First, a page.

Camryn Manheim – actress discusses society image of being overweight and being political – Interview
In the spring of 1997, a new television drama by David E. Kelley, The Practice, began airing on ABC. Critics immediately praised the show for its gritty realism, superb scripts posing tough moral dilemmas, and the high quality of the ensemble acting. But for women in particular, one actor stood out: Camryn Manheim. Manheim played Ellenor Fruit, a rough yet vulnerable attorney with a mouth on her and about twelve hoops and studs climbing up her earlobes. Manheim’s skill at moving between those poles women navigate so frequently–strength and certainty on the one end, insecurity and doubt on the other made her riveting to watch.
But there was something else crucially important about Manheim. Somehow, she had managed to get through Hollywood’s size police who dictate that only women who weigh 100 pounds or less get to have roles in film and television. Women around the country, so weary of the tyranny of the media’s anorexic ideal, connected powerfully to Ellenor, the character, and Manheim, the actor.
What people didn’t know was how many times, in her struggle to land good roles, Manheim was told she would never get work if she didn’t lose weight. When she won an Emmy in 1998 for Best Supporting Actress in a Drama Series against extremely stiff competition, she jubilantly held the statue aloft and proclaimed, “This is for all the fat girls!”
A year later, she published her autobiography, Wake Up, I’m Fat (Broadway Books, 2000), which the women of America turned into a bestseller. In it, Manheim attacked our culture’s still-widespread prejudices against fat people, and urged women to stop torturing themselves to become hyper-thin and, instead, to accept their bodies and get on with their lives. Mode magazine featured her as its fashion cover girl. She became, instantly, a leading voice for large women in America.
Manheim’s outspokenness about the narrow, corporate-produced ideals of thinness and beauty derives from her progressive, activist background. Her grandparents were union organizers. Her mother, Sylvia, worked as a receptionist for the Communist Party. And her father, Jerry, was blacklisted in the 1950s from any defense-related industries because someone reported to the McCarthy crowd that he owned a copy of Political Economy, by Wassily Leontief. Since then, they have participated in a range of left-liberal causes. Her brother Karl, an attorney, was deeply involved in the civil-rights and anti-war movements. Manheim herself has been especially active in promoting the rights of the disabled, particularly the deaf, and in condemning homophobia and the ongoing threats to civil liberties. She also recently became a single mother. On March 6, she gave birth to a son, Milo Jacob.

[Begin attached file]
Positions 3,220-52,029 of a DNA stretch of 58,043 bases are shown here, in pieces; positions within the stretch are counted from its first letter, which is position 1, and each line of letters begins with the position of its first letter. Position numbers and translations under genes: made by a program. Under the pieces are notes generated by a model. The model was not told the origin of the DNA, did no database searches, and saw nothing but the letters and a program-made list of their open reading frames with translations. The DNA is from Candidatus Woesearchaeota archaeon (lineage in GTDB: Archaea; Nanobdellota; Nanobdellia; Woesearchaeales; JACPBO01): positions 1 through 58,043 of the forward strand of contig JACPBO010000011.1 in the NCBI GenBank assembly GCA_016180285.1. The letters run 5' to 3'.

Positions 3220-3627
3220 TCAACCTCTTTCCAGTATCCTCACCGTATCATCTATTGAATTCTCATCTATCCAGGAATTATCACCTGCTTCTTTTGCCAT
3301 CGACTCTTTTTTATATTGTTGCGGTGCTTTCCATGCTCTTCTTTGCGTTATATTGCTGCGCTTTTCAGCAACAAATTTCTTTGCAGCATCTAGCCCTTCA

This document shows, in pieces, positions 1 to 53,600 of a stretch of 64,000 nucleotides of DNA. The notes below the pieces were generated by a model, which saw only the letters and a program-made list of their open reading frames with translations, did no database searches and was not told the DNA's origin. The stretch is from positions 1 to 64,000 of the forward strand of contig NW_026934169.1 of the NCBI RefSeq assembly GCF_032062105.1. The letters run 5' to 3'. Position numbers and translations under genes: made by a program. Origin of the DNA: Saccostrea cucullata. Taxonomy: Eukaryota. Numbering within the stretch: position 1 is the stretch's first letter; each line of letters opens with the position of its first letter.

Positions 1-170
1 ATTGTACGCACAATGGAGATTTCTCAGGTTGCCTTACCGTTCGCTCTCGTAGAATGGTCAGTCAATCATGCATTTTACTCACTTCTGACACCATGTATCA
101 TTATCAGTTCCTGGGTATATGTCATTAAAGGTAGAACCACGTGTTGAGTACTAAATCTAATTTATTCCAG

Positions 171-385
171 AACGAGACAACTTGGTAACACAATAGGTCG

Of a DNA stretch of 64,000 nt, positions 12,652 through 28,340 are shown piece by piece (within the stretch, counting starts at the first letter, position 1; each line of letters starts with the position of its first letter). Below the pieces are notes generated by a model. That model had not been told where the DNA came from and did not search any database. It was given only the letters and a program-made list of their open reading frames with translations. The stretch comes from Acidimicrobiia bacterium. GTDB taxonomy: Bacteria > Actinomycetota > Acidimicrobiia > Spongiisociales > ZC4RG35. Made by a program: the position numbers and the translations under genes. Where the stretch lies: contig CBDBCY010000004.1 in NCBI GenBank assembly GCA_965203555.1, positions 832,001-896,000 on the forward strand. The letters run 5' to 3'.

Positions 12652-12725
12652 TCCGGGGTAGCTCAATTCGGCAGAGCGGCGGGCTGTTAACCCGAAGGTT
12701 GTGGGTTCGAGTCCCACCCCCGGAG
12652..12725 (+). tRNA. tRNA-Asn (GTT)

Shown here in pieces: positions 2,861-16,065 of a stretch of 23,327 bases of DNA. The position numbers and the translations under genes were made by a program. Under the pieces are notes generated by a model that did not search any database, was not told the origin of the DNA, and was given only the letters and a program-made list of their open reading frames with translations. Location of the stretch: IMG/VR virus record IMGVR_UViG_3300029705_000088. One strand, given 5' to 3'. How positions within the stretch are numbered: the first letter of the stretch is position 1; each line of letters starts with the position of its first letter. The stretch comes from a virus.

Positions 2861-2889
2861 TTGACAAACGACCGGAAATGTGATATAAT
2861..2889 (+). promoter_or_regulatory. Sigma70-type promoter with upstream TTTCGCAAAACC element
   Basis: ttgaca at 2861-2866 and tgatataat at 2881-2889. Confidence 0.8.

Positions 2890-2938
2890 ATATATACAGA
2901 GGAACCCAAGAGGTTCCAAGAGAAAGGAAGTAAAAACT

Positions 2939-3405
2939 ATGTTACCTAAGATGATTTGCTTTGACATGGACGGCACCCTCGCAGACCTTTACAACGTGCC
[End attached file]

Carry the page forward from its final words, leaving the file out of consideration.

I spoke with Manheim by phone in July, and it was like plugging in to a power source. Her passion for women’s rights and social justice is galvanizing, and she is a firm believer in the power of the people. For example, Manheim insists that if we women are fed up with the sexist, retrograde images designed to corrode our self-esteem (and thus to encourage us to buy products that will allegedly restore that self-esteem), then we should just, collectively, say no to these images. She urges people to recognize the power they have if they act in concert, and feels that if people are unhappy with media imagery, or intolerance, or inequitable power relations, they should stop complaining and start resisting.
Q: Your book struck a chord with millions of women. What kinds of reactions have you gotten to it?
Camryn Manheim: The predominant reaction was one of enormous gratitude, with women saying how thankful they were that the book had given them permission to love themselves. But, you know, while I’m glad to be part of any motivation or inspiration for women to improve their lives and feel better about themselves, it is sad to me that too many women look outside themselves, to others, to improve their lives rather than looking inward.
We, we women, we have to stop the madness. It’s our responsibility to stop the competition over losing five pounds. I don’t want to be the poster child for fat acceptance. I need the women who wrote me to go out and inspire other women, to carry the torch across the country. Because it’s still true that our country is offended by fat people. We leer at them on the streets and in restaurants, we look at them and think they’re lazy, that they’re horrible people. These are probably decent, kind people who remember other people’s birthdays and love their children. Why should someone pass judgment on other people simply because they have a few extra pounds? But they do. I got letters from women crippled by the judgments against them because of their weight, women who were paralyzed by self-hatred. It makes me so sad.
The letters I took most seriously were from mothers concerned about their children. These were mothers whose children were being ridiculed because they were fat. I’m not a psychologist, I don’t know what to say, but we do have to keep reinforcing the positive about our kids.
Q: Have you noticed any changes in the entertainment industry’s pressure on actresses to be unhealthily thin? What do you think it would take to reverse or at least undermine the glamorization of anorexia?
Manheim: Is Hollywood changing its standards? Executives would say, “Oh, yes, Manheim has changed the media landscape.” But they would be hard-pressed to point to one decision they made that shows such a change.